21. The good guy with shitty aim, generally. There are exceptions, but I am not sure that getting shot by the bad guy is an improvement.

    Do you have an actual case in mind?

    I have several cases supporting my comments in mind and will be glad to provide one or five.

  22. I agree that there does seem to be some degree of obfuscation in the reporting. It doesn’t necessarily support your argument.

    The reality is that gun violence is endemic in the US. Even were there a marginal (temporary?) dip in reported figures the truth is that the rate of gun violence in the US is greater than that in countries with reasonable controls on gun ownership by a factor of several.
    “Compared to 22 other high-income nations, the United States’ gun-related murder rate is 25 times higher”

    Prayer, unity, hope and relaxing-gun-carry-laws aren’t working to keep your citizens safe, they never have worked and never will work.

    Australia sorted its gun-violence problem – the US could do also – but it won’t/can’t happen through prayer, unity, hope and relaxing-gun-carry-laws.

  23. I’d recommend prayers and then work towards the goal of ending unfettered ownership of guns. Perhaps the church’s role is to remind people that Jesus told Peter to put down his sword.

  24. Perhaps the church is here to bring disciples for Christ who will encourage more people to follow Him, thus showing respect, not hatred for others.

  25. I would rather it be the following the Great Commandment through example rather than respect.

  26. Linda….it’s more important for people to be saved than loved all the way to Hell.

  27. Pray for our national leadership to see the wisdom of the need to manage weapons in some way to minimize the damage the country is esperiencing from people who have lost all hope.

  28. Thoughts and prayers for you that you no longer get sick of hearing it. ???

  29. The obfuscation means you haven’t supported your argument. It resulted from attempting to spin the data and report into something it was not.

    Gun violence is higher in the US than in many countries, and has ALWAYS been higher than in those other countries. That is independent of gun laws in other countries which have lower rates of gun violence, and always have been lower.

    What is lacking is a cause and effect relationship between gun ownership and gun violence or gun laws and gun violence.

    Switzerland and Israel, for example, have high rates of gun ownership and low rates of gun violence.

    Australia did not have a gun problem BEFORE its change in laws, so it is hardly surprising it lacked one AFTER its change in laws. Post hoc, ergo propter hoc.

    From the moral perspective, everyone has the right to self-defense, which in the US is confirmed as a legal right which is constitutionally protected.

  30. If, as you say, gun violence has ALWAYS been higher in the US it demonstrates a dismal and longstanding story of failure to address the human tragedy of unnecessary death, despair and destruction within its own borders.

    I imagine that both Swiss and Israeli would recoil in horror at being in any way compared with Americans. The whole tenor of those societies is markedly different particularly in respect to general education.

    Putting it bluntly – the more people have access to guns the more likely gun violence is – if you disagree look at Australia
    re Australia – you are wrong.

    Self defence only requires guns in situations where one is likely to be threatened with a gun. AFAIK all nations regard self-defence as a right – but we, at least, require that the force used in self-defence be proportionate to the force involved in the threat. Remove the guns from the aggressor and the defender doesn’t have the right to use one either.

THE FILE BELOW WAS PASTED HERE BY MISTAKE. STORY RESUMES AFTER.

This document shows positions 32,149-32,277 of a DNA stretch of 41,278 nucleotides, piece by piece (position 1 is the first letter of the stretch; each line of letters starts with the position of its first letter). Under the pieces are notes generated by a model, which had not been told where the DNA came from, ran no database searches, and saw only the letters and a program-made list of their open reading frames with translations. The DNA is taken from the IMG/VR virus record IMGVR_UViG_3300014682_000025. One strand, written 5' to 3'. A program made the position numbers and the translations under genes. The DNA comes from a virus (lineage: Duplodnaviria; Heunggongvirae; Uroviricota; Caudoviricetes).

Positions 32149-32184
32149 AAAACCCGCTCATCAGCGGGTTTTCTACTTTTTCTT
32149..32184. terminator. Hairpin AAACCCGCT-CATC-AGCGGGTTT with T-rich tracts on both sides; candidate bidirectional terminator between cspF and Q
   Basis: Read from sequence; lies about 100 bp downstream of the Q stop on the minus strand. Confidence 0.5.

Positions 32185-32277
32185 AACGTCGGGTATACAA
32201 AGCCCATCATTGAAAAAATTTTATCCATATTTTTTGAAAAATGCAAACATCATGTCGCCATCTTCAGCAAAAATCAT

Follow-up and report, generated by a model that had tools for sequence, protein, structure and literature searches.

I know it wouldn’t be easy – but that is no reason to sanction further tragedy because, be clear on this, doing nothing (inc. praying) is effectively an endorsement of the perpetuation of the blight violence imposes on society.

  31. No. There were 11 school shootings in the first 23 days of this year. School shootings are so routine they barely make the front page.

    As guns increase, gun deaths increase.

  32. There was the guy who accidentally shot his wife in church.

    A man accidentally shot himself and his wife in their Tennessee church after he had taken his gun out during a discussion about weapons in places of worship, police said.

    The man, 81, and his wife, 80, both suffered non-life-threatening injuries, police said.

    The incident happened Thursday afternoon as members of the First United Methodist Church in Tellico Plains — about 60 miles southwest of Knoxville — were gathered at the church for a pre-Thanksgiving lunch, Tellico Plains Police Department Chief Russ Parks told ABC News.

    And toddlers kill people at least once a week.

  33. No, the evidence that “(a)s guns increase, gun deaths increase” is non-existent.

    “Studies that directly assessed the effect of actual defensive uses of guns (i.e., incidents in which a gun was ‘used’ by the crime victim in the sense of attacking or threatening an offender) have found consistently lower injury rates among gun-using crime victims compared with victims who used other self-protective strategies.”

    “Almost all national survey estimates indicate that defensive gun uses by victims are at least as common as offensive uses by criminals, with estimates of annual uses ranging from about 500,000 to more than 3 million per year…in the context of about 300,000 violent crimes involving firearms in 2008.”

    “The number of public mass shootings of the type that occurred at Sandy Hook Elementary School accounted for a very small fraction of all firearm-related deaths. Since 1983 there have been 78 events in which 4 or more individuals were killed by a single perpetrator in 1 day in the United States, resulting in 547 victims and 476 injured persons.”

    “Unintentional firearm-related deaths have steadily declined during the past century. The number of unintentional deaths due to firearm-related incidents accounted for less than 1 percent of all unintentional fatalities in 2010.”